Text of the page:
DIAMOND BAR, Calif.—Make no mistake, some companies are hurting.
But a new survey by the Specialty Equipment Market Association shows the vast majority of the respondents indicate COVID-19 is having only short-term or no impact on business.
SEMA surveyed 2,000 people in the specialty equipment market to learn that 17 percent—about one-sixth of the respondents—report no impact from the coronavirus crisis. Another 70 percent indicated there is a short-term impact.
Meanwhile, 13 percent indicated "our business is severely impacted long-term" and just 1 percent said they likely would permanently discontinue operations, the trade group said.
"I would say, overall, our members have been fairly resilient. We want to be sympathetic to what is going on," said Mike Spagnola, vice president of OEM and product development at the trade group. "There's certainly many that have been hurt. But we saw this in 2008, when the economy really took a dive. And guys were able to hang in there and get back together."
But this is 2020, and the Great Recession is not the COVID-19 pandemic. Spagnola understands there are fundamental differences in how the economy crumbled each time.
He actually was in manufacturing back then, running his own company before later selling it and joining SEMA's ranks.
"I think the difference is that this thing just shut way down," Spagnola said. In 2008, there were more warning signs and a more gradual deterioration of economic conditions.
In the SEMA survey, a total of 55 percent of respondents said they have not closed sites, and 13 percent said they also are open but considering closures. Another 17 percent reported closing some sites, while and 15 percent closed all locations.
"The results of this survey show the resiliency of the specialty automotive industry and how it continues to push forward, working to move past the COVID-19 disruption," SEMA President and CEO Chris Kersting said in a statement. "We are using this feedback to further develop resources to help member businesses through this time of economic interruption."
That includes redeployment of assets within SEMA to help members weather the economic storm. SEMA also has created a suite of tools and services, covering areas such as education, product development, money savings, and career opportunities, aimed at providing support to members as they navigate the COVID-19 crisis.
"We're poised as things change and other priorities become more important, we're ready to go," Spagnola said.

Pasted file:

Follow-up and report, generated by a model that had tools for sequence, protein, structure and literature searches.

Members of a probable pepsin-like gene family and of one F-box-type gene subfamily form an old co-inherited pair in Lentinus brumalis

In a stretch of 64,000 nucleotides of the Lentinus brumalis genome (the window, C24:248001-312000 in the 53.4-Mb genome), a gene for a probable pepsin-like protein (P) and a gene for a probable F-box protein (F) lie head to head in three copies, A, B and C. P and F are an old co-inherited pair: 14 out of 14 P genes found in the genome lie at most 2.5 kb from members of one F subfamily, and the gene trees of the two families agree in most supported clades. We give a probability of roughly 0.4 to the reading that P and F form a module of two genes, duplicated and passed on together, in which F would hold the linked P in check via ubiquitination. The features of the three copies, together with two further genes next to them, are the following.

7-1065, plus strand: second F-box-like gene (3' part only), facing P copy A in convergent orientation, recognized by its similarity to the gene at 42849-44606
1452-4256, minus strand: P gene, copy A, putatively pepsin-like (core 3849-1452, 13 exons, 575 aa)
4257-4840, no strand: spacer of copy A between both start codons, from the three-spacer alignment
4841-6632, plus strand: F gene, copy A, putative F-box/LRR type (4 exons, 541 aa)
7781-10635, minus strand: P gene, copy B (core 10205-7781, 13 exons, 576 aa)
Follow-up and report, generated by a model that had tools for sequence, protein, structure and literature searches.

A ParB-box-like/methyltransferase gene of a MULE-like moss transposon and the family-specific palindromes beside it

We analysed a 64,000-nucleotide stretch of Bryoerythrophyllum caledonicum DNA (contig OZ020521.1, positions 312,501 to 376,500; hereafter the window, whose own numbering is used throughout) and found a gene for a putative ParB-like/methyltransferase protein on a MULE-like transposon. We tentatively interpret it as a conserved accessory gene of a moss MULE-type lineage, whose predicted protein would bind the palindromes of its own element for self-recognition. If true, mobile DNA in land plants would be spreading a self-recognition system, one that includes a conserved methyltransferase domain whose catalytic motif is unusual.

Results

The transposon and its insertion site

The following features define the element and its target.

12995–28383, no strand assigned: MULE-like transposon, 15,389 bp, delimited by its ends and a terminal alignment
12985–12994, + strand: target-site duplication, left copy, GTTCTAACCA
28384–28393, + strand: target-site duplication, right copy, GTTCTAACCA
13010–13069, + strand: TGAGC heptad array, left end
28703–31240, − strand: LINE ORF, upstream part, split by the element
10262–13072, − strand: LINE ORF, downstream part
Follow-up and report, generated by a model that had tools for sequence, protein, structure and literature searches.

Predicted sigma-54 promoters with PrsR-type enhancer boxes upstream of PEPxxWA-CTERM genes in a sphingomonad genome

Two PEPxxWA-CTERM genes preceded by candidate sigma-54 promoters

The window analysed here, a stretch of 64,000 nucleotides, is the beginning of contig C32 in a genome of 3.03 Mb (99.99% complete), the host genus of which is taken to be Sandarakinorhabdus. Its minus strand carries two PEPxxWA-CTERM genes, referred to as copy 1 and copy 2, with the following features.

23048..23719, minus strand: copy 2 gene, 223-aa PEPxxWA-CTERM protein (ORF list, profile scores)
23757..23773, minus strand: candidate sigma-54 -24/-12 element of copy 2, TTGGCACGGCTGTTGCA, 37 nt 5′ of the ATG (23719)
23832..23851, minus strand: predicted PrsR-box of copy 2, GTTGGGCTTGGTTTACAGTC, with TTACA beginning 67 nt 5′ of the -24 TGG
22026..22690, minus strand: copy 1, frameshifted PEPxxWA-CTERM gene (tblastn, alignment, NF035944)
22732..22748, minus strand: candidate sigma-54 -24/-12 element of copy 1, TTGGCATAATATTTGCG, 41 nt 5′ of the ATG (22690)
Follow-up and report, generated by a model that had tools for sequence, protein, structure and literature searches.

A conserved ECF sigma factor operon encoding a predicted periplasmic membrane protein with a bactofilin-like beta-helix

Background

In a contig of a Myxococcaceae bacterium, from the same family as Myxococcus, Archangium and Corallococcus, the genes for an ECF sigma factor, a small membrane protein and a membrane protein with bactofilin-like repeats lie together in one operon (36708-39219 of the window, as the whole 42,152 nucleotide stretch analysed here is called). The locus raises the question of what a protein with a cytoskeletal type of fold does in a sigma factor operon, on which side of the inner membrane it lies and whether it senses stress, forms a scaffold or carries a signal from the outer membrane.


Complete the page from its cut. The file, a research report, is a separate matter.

Regarding employment, 52 percent of the work force still is working at company offices and facilities, 30 percent is working from home and 18 percent has been placed on furlough or laid off, the new SEMA survey reports.
These have been fast-changing times during the past several weeks, where what was important one day is eclipsed by another issue the next. But things seem to be settling down "a little bit," Spagnola said.
And difficulties can vary by state or business segment.
"Some have been hurt by the OE business. People that supply strictly to the OE are probably more hurt than those selling into the aftermarket," the SEMA official said. "The aftermarket still seems to be, while down, there's still some interest."
People are spending more time at home, looking at unfinished projects in their garage, and some are motivated to get to work. That is helping fuel aftermarket sales.
"We're getting a little bit of a mixed bag. We are cautious and sympathetic to a lot of our members. But there's also some guys who are chugging along," Spagnola said.
With online orders increasing during the outbreak, SEMA has identified an opportunity for members to sell more parts using electronic commerce, and is helping members develop their websites to accommodate.
Meanwhile, the Kersting said, the aftermarket industry group's membership remains positive and looks forward to reopening. The upcoming SEMA show in Las Vegas, scheduled for Nov. 3-6, will "play a key role in launching a successful 2021."
"Now, more than ever, our priority for SEMA is clear: assuring the health, safety, and business continuity for our members, partners, employees, and the overall industry community," the CEO said in the statement.